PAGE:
My wife, this wonderful being, never orders what is on the menu. She wants salad instead of mashed potato, the burger should come without the chips, and the meat must be medium-cooked, the Quattro Stagioni should have some more artichokes instead of mushrooms, the icing sugar on the Esterházy torta distresses her and the apple juice must be please mixed with still water. When ordering Asian food, she always asks for an extra hot sauce if the dish is indicated with three chillies, and in the country guesthouse she orders the mixed dumpling plate with hash instead of bacon dumplings and without the sauerkraut. Practically all of her orders have some kind of additional instruction. Why in kitchen God’s name do you need that special treatment? Why can’t a person order what is on the menu? Does it have to do with loss of control? With maintaining a touch of personal responsibility for what we eat?
Or Susan Sontag: the famous American essayist always wanted another hotel room, as I was told by a woman in charge of book tour supervision. Not even two minutes after checking in, that is, she would go back to reception, complain about something and demand a room change. Always! This is also a form of artistic attention-grabbing.
But the buzz word among all restaurateurs is food intolerance. Recently, a hotelier told me that a guest had tormented him for two weeks with special requests: there should be no cream in his celery soup, no egg in his schnitzel breading, and in any case wheat flour was poison and cow milk was suicide. Well, allergies are a serious issue. People, exposed to ever stronger environmental conditions, burdened by artificial supermarket food, surrounded by pollutants and electric smog, are becoming sensitive and are reacting. The results of ignoring an intolerance can be awful. This is all very true, and the hotelier and his chef went to a lot of trouble to meet all their guest’s wishes. But when, after days of scrupulous hassling, he suddenly stowed away two portions of Salzburger Nockerl with vanilla sauce, and justified himself to the utterly perplexed hotelier by saying that he was perfectly allowed to make an exception once a week, the restaurateur was totally confused.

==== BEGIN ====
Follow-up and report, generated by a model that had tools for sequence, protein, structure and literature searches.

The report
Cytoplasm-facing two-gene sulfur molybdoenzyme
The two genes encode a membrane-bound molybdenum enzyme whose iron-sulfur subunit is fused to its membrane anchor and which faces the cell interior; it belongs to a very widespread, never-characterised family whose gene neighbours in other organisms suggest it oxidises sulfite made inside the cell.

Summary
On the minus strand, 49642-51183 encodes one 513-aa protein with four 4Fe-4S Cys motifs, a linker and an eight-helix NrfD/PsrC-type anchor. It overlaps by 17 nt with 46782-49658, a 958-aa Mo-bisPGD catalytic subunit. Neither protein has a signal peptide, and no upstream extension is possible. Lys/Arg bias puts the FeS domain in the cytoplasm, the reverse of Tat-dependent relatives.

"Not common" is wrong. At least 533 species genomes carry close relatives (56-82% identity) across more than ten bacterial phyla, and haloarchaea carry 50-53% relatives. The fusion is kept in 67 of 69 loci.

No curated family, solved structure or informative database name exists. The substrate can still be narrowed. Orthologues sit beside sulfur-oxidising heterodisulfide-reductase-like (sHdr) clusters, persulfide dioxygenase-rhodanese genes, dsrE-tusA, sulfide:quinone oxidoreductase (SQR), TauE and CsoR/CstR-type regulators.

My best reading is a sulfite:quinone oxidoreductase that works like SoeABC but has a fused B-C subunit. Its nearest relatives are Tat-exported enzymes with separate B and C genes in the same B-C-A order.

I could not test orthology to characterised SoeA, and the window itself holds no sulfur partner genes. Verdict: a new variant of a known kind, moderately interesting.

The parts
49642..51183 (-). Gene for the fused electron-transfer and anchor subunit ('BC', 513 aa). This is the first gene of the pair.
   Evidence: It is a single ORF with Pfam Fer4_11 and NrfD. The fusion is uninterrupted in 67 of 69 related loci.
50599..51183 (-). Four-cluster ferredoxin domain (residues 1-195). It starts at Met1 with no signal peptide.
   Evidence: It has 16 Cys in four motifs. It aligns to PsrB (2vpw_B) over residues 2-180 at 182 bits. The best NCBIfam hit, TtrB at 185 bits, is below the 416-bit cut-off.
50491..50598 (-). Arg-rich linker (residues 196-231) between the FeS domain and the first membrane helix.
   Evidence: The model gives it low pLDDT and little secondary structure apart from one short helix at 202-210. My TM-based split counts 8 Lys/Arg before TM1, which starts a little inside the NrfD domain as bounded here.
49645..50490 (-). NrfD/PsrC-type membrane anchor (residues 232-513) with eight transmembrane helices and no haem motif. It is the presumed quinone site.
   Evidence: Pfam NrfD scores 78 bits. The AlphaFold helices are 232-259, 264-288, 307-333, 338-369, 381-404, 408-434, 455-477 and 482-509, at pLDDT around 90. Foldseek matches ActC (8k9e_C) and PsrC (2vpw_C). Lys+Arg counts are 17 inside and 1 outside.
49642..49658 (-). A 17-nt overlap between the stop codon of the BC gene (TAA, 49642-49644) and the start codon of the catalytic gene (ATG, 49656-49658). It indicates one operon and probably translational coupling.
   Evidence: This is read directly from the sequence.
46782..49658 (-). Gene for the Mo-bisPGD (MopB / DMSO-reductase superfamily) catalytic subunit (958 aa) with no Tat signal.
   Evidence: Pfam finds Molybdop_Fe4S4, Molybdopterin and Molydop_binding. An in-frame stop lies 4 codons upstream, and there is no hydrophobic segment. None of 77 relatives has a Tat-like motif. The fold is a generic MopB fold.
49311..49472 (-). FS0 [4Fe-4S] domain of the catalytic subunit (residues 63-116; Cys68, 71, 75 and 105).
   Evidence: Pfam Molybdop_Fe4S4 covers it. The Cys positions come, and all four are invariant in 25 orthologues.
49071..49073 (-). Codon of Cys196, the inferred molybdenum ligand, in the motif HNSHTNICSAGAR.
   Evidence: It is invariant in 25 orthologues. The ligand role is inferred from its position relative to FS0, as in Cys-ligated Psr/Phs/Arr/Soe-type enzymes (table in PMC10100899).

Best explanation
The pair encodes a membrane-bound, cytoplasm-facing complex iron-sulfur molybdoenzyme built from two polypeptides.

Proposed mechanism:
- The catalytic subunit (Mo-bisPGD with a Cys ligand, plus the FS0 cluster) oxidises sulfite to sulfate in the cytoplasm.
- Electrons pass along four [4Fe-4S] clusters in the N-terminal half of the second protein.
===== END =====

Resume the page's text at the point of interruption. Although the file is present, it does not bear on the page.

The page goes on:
Guests are, according to his findings, more and more difficult. There are so many stories you
could write a book.
But who would want to read something like that? The guest is king, but this shouldn’t mean that you should behave like a tyrant, regarding the bathrobe, the silverware and the art prints on the walls as your own property. And smashing the inventory, as used to be the custom for rockstars, does not go down well.
From the point of view of most hoteliers and restaurateurs, the perfect guest simply enjoys and praises. He should not have any extra requests or have any issues, to the point that, as an introverted guest, you sometimes think: next time I’ll just send the money and stay at home. Mass tourism increases alienation. For tourism professionals, guests become replaceable, while tourists’ brazenness grows.
Only when you treat people with decency, respect and humility, and are understanding of the other side, does eating and travelling become what it should be: a wonderful experience. And if there are any extra requests here and there, people can take care of them, as long as they don’t become a habit. But tell that to my wife.
Franzobel is an Austrian writer. He has published numerous plays, works of prose and poems. His plays have been produced in countries including Mexico, Argentina, Chile, Denmark, France, Poland, Romania, Ukraine, Italy, Russia and the USA.
His great historical adventure novel “Das Floß der Medusa” (Zsolnay publishing house) was awarded the Bayerischer Buchpreis (Bavarian Book Award) 2017 and was on the shortlist for the German Book Prize 2017.